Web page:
Housing prices in mainland China rose an average 2.83 percent in September compared to the August, as more experts warn of a housing bubble. The Bank of China was the latest to raise concerns over the country’s real estate market, concluding that inflated property values pose the biggest risk to the overall economy.
Any fears of a coming crash have done little to cool down housing prices in China that are now up 16.64 percent on average over the past 12 months, according to newly released data from the China Index Academy. A total of 81 cities in the top 100 list recorded home price increases last month with the largest jumps occurring in second and third tier cities where officials had yet to enact measures to suppress demand.
Zhengzhou in Henan province saw the largest increase in September with housing prices rising 6.92 percent. Further south, Wuxi in Jiangsu had the second largest increase at 6.83 percent and its neighbor Changzhou home prices saw home prices rise 6.6 percent after contracting 0.24 percent in August.
Shenzhen once again finished with the most expensive residential real estate in China with new homes selling at an average of RMB 55,001 ($8236) per square metre in September. Home prices in the tech hub increased 0.96 percent during the month and have now risen 41.8 percent in the last year.
State-Owned Financial Giant Worried About Housing Bubble
China’s rising housing prices have not gone unnoticed and financial heavyweight Bank of China is the latest to voice concerns. In its quarterly economic outlook the state-owned bank noted that the government is struggling to find a balance between stabilizing overall economic growth and curbing asset bubbles.
“A property bubble is the biggest risk for China’s economy,” Zhou Jingtong, a senior economist at the mainland’s fourth largest lender, was quoted as saying by the South China Morning Post. “Property speculation becomes common practice and everyone is dreaming about windfall profits overnight … these are very dangerous.”
The 104-year-old institution joins Dalian Wanda chairman Wang Jianlin in warning of a housing bubble. China’s richest man said last week that the country was facing the biggest bubble in history and added the government would struggle to find a solution.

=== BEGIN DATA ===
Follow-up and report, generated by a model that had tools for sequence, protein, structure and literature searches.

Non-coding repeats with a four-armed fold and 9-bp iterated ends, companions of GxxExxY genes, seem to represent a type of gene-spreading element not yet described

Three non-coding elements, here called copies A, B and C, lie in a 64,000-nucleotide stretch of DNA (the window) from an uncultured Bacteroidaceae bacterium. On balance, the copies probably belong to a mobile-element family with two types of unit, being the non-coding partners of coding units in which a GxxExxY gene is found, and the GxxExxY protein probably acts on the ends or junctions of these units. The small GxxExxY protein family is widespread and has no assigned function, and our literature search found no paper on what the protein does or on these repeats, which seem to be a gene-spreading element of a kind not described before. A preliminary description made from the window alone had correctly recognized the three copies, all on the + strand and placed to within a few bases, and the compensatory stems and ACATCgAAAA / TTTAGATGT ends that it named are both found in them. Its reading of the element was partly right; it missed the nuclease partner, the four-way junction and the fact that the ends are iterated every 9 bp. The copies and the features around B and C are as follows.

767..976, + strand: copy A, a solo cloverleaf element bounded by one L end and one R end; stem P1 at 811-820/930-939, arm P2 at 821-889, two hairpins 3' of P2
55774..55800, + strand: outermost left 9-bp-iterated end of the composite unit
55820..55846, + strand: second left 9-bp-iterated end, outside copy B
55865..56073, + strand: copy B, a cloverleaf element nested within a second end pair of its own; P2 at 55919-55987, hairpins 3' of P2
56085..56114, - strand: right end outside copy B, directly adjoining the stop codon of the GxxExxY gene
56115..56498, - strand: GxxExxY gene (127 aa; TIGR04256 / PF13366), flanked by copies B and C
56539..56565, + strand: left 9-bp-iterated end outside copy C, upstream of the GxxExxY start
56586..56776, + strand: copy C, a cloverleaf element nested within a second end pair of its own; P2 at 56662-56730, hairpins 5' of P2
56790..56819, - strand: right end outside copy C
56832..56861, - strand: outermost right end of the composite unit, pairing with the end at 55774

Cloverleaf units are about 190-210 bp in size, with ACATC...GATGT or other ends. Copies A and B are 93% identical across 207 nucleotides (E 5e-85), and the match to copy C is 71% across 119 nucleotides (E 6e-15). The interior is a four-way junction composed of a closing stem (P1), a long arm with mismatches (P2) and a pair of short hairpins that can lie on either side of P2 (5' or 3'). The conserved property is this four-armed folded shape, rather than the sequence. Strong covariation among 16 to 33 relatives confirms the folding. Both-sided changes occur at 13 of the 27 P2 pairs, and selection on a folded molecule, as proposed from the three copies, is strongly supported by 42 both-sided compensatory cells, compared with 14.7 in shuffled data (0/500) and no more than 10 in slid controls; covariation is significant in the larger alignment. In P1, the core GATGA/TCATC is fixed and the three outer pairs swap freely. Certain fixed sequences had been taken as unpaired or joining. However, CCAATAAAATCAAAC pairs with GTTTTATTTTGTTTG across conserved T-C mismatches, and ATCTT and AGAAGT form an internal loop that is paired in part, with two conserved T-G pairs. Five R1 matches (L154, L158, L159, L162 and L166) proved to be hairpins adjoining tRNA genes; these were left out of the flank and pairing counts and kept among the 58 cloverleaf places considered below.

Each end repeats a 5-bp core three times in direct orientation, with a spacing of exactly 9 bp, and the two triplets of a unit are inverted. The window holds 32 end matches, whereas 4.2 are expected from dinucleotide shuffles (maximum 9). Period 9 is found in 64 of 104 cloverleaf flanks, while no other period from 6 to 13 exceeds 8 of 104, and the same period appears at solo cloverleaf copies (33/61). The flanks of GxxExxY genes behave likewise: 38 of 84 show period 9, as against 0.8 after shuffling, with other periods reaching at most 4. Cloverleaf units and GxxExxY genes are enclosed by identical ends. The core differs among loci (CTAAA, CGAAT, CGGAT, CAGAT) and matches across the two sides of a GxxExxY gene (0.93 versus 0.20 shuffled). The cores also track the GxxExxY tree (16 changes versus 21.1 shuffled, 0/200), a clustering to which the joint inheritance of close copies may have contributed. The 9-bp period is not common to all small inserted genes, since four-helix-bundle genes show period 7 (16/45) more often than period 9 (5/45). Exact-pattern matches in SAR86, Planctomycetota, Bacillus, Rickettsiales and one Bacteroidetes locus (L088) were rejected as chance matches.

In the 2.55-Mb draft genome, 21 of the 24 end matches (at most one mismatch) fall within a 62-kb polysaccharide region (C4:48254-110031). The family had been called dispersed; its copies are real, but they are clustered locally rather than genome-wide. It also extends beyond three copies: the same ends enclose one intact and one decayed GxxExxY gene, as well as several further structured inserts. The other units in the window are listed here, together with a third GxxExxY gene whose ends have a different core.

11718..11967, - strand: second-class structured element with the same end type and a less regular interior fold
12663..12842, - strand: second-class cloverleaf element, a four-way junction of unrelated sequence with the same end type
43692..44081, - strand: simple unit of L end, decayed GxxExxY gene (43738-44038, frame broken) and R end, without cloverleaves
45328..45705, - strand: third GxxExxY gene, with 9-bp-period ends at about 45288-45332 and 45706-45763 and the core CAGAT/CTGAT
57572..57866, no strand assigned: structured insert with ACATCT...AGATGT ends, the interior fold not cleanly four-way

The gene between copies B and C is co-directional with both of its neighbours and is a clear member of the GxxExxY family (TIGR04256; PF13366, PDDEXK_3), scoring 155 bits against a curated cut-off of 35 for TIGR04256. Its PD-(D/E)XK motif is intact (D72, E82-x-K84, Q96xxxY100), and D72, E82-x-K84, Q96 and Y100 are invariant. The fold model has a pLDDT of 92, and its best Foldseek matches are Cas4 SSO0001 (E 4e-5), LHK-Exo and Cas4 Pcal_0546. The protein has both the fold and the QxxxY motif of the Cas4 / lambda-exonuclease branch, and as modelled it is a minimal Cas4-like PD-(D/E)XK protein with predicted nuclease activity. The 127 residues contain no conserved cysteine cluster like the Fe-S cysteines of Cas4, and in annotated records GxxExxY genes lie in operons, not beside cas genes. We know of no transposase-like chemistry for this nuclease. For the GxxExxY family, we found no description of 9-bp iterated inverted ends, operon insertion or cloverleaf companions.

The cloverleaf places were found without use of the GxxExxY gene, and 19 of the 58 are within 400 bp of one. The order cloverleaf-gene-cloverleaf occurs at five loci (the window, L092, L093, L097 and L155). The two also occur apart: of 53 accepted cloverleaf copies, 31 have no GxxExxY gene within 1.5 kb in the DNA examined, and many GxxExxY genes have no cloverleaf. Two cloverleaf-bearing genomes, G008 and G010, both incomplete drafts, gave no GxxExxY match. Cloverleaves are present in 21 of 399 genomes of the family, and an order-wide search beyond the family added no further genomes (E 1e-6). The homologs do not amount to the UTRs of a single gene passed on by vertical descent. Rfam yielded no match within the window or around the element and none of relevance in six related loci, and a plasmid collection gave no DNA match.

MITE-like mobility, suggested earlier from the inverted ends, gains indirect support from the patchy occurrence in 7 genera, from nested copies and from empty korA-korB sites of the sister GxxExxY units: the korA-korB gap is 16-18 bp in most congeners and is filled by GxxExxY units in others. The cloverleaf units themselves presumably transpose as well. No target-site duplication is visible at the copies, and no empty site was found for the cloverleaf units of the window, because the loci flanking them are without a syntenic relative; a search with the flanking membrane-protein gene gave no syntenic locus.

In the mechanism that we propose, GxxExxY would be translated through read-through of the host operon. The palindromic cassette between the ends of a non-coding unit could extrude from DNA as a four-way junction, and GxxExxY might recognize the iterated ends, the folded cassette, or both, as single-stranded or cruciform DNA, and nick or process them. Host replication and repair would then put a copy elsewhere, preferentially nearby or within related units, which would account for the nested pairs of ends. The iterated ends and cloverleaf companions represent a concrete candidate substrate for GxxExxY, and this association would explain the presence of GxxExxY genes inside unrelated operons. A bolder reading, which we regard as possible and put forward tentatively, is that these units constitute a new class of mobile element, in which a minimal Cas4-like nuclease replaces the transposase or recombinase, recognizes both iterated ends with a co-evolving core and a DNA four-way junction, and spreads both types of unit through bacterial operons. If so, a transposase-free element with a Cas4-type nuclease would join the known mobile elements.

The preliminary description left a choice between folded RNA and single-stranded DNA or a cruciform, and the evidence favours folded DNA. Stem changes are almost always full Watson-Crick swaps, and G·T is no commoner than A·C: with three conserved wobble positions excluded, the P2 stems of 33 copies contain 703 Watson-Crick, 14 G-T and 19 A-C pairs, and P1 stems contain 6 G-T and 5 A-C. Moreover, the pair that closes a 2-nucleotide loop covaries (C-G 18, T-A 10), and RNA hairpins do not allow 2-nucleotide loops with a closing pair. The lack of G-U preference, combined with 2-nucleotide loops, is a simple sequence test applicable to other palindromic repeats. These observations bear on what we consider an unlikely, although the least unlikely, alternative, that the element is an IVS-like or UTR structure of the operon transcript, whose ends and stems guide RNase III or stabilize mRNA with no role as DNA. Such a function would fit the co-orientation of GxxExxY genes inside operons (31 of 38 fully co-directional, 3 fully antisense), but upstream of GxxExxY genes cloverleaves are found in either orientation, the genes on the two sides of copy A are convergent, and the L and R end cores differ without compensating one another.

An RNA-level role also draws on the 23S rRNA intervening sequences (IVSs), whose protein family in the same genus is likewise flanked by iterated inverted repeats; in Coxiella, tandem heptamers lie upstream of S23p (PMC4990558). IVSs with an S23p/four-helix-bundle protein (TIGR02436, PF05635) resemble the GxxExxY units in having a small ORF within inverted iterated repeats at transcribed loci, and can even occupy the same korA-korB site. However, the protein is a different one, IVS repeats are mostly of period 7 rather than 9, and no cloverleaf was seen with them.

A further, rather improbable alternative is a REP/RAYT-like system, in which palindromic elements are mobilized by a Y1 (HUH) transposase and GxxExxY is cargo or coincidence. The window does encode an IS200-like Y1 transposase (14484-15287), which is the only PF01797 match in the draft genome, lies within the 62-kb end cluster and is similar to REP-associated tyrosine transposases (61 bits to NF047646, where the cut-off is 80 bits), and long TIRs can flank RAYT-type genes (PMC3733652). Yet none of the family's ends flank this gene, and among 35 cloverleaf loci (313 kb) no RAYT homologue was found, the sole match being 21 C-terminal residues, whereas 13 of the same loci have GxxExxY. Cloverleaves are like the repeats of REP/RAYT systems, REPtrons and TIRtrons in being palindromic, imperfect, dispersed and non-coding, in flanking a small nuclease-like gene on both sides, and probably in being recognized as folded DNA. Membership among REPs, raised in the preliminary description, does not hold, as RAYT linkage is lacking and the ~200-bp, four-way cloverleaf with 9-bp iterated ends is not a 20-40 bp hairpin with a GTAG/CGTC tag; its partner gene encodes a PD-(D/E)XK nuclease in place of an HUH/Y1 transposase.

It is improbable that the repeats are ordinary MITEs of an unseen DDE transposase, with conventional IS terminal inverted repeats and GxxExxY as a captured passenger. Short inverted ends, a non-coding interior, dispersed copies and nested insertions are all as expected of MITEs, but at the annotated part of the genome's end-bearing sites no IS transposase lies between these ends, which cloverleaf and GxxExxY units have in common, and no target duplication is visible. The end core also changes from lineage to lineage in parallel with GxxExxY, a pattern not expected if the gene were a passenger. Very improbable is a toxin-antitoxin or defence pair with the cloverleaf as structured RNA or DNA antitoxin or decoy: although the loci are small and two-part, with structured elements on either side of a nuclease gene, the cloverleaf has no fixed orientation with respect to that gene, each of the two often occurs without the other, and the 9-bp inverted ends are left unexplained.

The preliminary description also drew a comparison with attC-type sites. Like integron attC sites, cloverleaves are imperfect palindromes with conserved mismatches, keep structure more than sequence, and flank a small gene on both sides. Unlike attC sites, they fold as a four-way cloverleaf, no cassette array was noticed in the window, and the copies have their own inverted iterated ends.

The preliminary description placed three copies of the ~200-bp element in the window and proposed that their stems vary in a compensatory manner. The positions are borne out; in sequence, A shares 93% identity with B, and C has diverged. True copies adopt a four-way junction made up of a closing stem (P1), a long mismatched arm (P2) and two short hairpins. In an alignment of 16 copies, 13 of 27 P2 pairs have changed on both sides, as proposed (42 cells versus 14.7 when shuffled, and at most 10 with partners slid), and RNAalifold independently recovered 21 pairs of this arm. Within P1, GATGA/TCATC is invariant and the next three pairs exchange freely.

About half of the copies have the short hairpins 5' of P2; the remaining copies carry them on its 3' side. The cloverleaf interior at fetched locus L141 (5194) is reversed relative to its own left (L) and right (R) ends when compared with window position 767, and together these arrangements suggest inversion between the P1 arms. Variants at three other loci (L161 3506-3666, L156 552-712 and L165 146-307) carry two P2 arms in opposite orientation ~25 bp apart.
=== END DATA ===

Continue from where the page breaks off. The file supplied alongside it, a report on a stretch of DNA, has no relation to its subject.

More Cities Roll Out Curbs
Several cities in China, including Beijing, Chengdu, Hefei, Suzhou, Tianjin and Zhengzhou, announced new measures during the past few days to cool off the overheated housing markets.
In Beijing, where home prices jumped 3.88 percent in September and now sit at RMB 40,438 ($6,059) per square metre, the government announced first-time homebuyers would have to put down 35 percent to buy a home — up five percent from previous rules. Those buying a second home will now be required to make 50 percent down payment for units less than 144 square metres and 70 percent if the unit is larger than that threshold.
Following its big jump, the government of Zhengzhou barred buyers from acquiring a third property in some locations, while Hefei adopted similar measures and went a step further by restricting non-local residents from owning more than one property. In the short term, it appears as if local governments will continue to be the ones to address property market issues as they see fit.
“There will not be a holistic plan to address the property market,” Iris Pang, senior economist for Greater China at Natixis SA in Hong Kong, told Bloomberg. “Local governments are the ones who will work out their own measures.”